East Africa,  Egypt

Colour-coded Politics

This is a guest post by Adam Barnett

The Guardian newspaper has published an ‘exclusive’ interview with Essam el-Erian of the Muslim Brotherhood, which includes a profile of the group.  While we await the publication of their interviews with other opposition groups and leaders, (as it would be odd of them to have travelled to Egypt and neglected the secular opposition), a piece on the world’s largest Islamist group is welcome. Now that the existence of such groups can be acknowledged without cries of ‘Islamophobia’, (perhaps a temporary situation), it is well worth scrutinising their mothership, especially since it’s suddenly the talk of the town (or ‘global village’).

Unfortunately, the article’s non-committal title ‘The Muslim Brotherhood Uncovered’ is a misnomer, as the piece is barely superficial. (The title also raises the question of who the group was previously ‘covered-up’ by, and with what.) Its history of the Brotherhood omits facts which may have been of interest to its readers.

Founder Hasan al-Banna’s admiration for Adolf Hitler, for example, might have been included.  A sentence dedicated to Sayyid Qutb’s huge influence on violent Islamism may have added colour.

(Qutb is mentioned nowhere in the article, but features in its accompanying photo album, where he is described as ‘an important theoretician of the Muslim Brotherhood’.)

Perhaps a word on the Brotherhood’s favourite contemporary cleric, Yusuf al-Qaradawi, could have made the final draft. (Qaradawi infamously supports suicide-murder and the killing of homosexuals, sanctions wife-beating, ‘recommends’ female genital mutilation and believes the Holocaust was a punishment from Allah.)  Then again, the piece does flow nicely along without this information.

However, included in the article is the assertion that ‘it was Britain’s presence in Egypt that led to the Brotherhood’s creation’, and some euphemisms regarding the Ikhwani project:

‘Banna argued that Islam provided a complete solution, with divine guidance on everything from worship and spiritual matters to the law, politics and social organisation. He established an evening school for the working classes which impressed the general inspector of education and by 1931 the brotherhood [sic] had constructed its first mosque […]

Banna was offering a religious alternative to the more secular and western-inspired nationalist ideas that had so far failed to liberate Egypt from the clutches of foreign powers, and the popular appeal of his message was undeniable: by 1938, the movement had 300 branches across the country, as well as others in Lebanon and Syria.’

The article also proclaims that the Brotherhood ‘has long since renounced violence as a political means in Egypt’. The delicious proviso ‘in Egypt’ betrays a certain insecurity, perhaps due to the actions of the Brotherhood’s Palestinian branch, which in its rule of Gaza practices many of the evils of the Mubarak regime.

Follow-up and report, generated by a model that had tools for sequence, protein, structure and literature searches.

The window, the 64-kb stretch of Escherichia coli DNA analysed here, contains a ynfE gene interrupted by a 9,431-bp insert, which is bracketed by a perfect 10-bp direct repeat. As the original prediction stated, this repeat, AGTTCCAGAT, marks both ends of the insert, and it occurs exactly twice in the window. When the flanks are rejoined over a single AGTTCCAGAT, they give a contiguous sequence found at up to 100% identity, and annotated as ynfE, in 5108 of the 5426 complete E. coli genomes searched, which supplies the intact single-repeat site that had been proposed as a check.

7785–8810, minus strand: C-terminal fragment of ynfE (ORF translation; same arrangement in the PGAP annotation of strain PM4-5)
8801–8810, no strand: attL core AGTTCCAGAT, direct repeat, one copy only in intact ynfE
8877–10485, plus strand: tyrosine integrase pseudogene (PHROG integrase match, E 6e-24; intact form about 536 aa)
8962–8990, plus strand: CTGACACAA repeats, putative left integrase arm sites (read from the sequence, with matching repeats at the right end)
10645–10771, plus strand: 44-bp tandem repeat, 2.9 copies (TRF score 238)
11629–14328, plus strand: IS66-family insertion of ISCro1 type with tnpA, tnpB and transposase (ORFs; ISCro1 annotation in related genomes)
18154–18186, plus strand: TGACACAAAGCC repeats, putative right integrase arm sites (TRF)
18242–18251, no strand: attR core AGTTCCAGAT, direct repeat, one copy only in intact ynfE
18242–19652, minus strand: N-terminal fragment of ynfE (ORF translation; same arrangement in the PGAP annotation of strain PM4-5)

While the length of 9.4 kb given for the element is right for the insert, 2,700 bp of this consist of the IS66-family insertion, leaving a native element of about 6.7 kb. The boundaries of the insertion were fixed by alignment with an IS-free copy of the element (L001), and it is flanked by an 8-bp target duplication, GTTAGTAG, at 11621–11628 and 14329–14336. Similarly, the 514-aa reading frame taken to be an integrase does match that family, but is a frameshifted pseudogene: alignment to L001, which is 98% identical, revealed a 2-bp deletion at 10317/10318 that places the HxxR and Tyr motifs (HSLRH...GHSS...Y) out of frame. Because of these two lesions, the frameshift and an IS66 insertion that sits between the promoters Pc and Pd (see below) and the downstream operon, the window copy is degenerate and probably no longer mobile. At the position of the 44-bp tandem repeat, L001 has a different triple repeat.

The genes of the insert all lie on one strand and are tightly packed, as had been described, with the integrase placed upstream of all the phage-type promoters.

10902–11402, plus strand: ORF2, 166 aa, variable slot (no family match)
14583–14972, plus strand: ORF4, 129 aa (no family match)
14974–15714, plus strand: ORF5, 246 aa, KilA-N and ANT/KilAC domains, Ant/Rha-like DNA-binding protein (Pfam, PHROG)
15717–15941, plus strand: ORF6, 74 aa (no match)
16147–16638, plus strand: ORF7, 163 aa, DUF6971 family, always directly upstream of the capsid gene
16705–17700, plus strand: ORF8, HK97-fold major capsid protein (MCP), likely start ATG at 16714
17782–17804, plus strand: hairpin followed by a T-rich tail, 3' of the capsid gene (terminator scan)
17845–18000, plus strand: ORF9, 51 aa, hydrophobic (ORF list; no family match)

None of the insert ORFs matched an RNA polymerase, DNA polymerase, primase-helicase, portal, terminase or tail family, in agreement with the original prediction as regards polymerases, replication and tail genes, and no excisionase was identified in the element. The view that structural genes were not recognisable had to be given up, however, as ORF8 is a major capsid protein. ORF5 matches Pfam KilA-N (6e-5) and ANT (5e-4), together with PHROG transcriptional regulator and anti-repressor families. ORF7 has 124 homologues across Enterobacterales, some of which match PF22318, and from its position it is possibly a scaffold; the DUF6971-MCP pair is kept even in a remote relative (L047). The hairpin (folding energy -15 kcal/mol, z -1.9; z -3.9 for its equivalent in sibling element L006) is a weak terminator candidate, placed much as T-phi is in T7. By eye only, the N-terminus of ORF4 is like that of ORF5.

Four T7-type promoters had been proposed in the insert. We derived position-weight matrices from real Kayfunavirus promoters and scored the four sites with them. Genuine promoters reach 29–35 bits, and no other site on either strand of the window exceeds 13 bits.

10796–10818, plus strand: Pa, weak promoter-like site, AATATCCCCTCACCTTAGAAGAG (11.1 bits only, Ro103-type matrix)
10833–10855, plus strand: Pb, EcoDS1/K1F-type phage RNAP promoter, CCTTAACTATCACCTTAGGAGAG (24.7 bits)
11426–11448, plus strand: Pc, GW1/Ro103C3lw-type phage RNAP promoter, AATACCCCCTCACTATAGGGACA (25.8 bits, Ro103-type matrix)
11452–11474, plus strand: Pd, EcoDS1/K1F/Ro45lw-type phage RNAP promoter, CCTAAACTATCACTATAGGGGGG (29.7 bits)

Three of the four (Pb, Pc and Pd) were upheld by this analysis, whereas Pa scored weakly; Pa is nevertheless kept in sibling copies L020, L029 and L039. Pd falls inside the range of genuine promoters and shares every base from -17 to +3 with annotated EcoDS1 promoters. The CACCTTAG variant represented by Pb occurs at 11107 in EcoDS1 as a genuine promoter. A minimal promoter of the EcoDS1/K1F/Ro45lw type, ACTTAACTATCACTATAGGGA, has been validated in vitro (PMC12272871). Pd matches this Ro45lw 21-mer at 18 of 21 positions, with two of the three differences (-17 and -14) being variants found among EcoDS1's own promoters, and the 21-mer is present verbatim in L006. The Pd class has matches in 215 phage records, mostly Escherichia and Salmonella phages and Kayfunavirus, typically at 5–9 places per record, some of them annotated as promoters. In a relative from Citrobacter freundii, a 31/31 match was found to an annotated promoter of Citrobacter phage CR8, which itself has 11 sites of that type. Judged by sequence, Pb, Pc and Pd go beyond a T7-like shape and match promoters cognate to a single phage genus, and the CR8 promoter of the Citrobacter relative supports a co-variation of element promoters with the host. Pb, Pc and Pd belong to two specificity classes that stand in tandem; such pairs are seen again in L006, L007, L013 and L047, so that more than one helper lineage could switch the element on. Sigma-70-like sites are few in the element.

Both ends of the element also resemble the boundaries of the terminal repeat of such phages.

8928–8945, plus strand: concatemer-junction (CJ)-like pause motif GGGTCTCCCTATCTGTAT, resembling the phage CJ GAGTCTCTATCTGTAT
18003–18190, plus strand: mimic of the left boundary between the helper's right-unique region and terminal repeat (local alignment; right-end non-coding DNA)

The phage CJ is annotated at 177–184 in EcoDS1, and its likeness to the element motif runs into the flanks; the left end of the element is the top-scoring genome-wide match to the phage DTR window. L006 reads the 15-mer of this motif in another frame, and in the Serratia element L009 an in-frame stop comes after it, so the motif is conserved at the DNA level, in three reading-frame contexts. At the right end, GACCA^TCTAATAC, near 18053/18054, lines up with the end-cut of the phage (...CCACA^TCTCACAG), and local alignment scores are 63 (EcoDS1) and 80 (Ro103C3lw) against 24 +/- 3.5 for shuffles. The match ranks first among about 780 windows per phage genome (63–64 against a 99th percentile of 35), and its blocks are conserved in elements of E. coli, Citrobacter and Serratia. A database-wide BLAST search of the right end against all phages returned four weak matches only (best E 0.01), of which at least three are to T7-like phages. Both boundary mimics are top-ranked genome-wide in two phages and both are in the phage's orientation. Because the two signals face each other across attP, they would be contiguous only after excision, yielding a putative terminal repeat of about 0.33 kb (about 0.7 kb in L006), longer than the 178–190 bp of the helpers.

Or maybe the author was conscious of the Brotherhood’s support for ‘resisting the occupation’ in Iraq, as expressed by spokesman Mohammed Mursi in 2007,  who incidentally had a P.R. statement published by the Guardian this week.

The article goes on to claim that the Brotherhood is gaining a respect for ‘human rights’, though, it concedes, not for everyone:

‘Years of repression at the hands of the Egyptian authorities have made the brotherhood more interested in human rights than many might expect from an Islamist organisation. When the European parliament criticised Egypt’s record in 2008, the Mubarak regime responded with fury, while Hussein Ibrahim, the brotherhood’s parliamentary spokesman, sided with Europe.

‘The issue of human rights has become a global language,’ he said. ‘Although each country has its own particulars, respect of human rights is now a concern for all peoples’ – though he specifically excluded gay rights.’

It would be bad enough if this was simply a case of the Guardian bypassing other opposition groups in Egypt. However, all of this raises the question: why is the most reactionary movement in Islam being portrayed as the most progressive? Why is there such a difference between coverage of the Muslim right in North Africa and, say, the Christian right in America?  Why don’t we need to guess how the rise of the Israeli right would be written about in centre-left papers?   Why is it that to make the tyres screech to a halt in the heads of supposedly ‘left-wing’ people, one need only ask them: ‘what if Pat Robertson had dark-coloured skin instead of light?’

Sadly, far too many people still make the mistake of thinking that politics is colour-coded, and that the terms ‘right’ and ‘left’ only apply to white people. This is now causing real problems in the coverage of the Egyptian revolution, and risks disarming the people who need our support.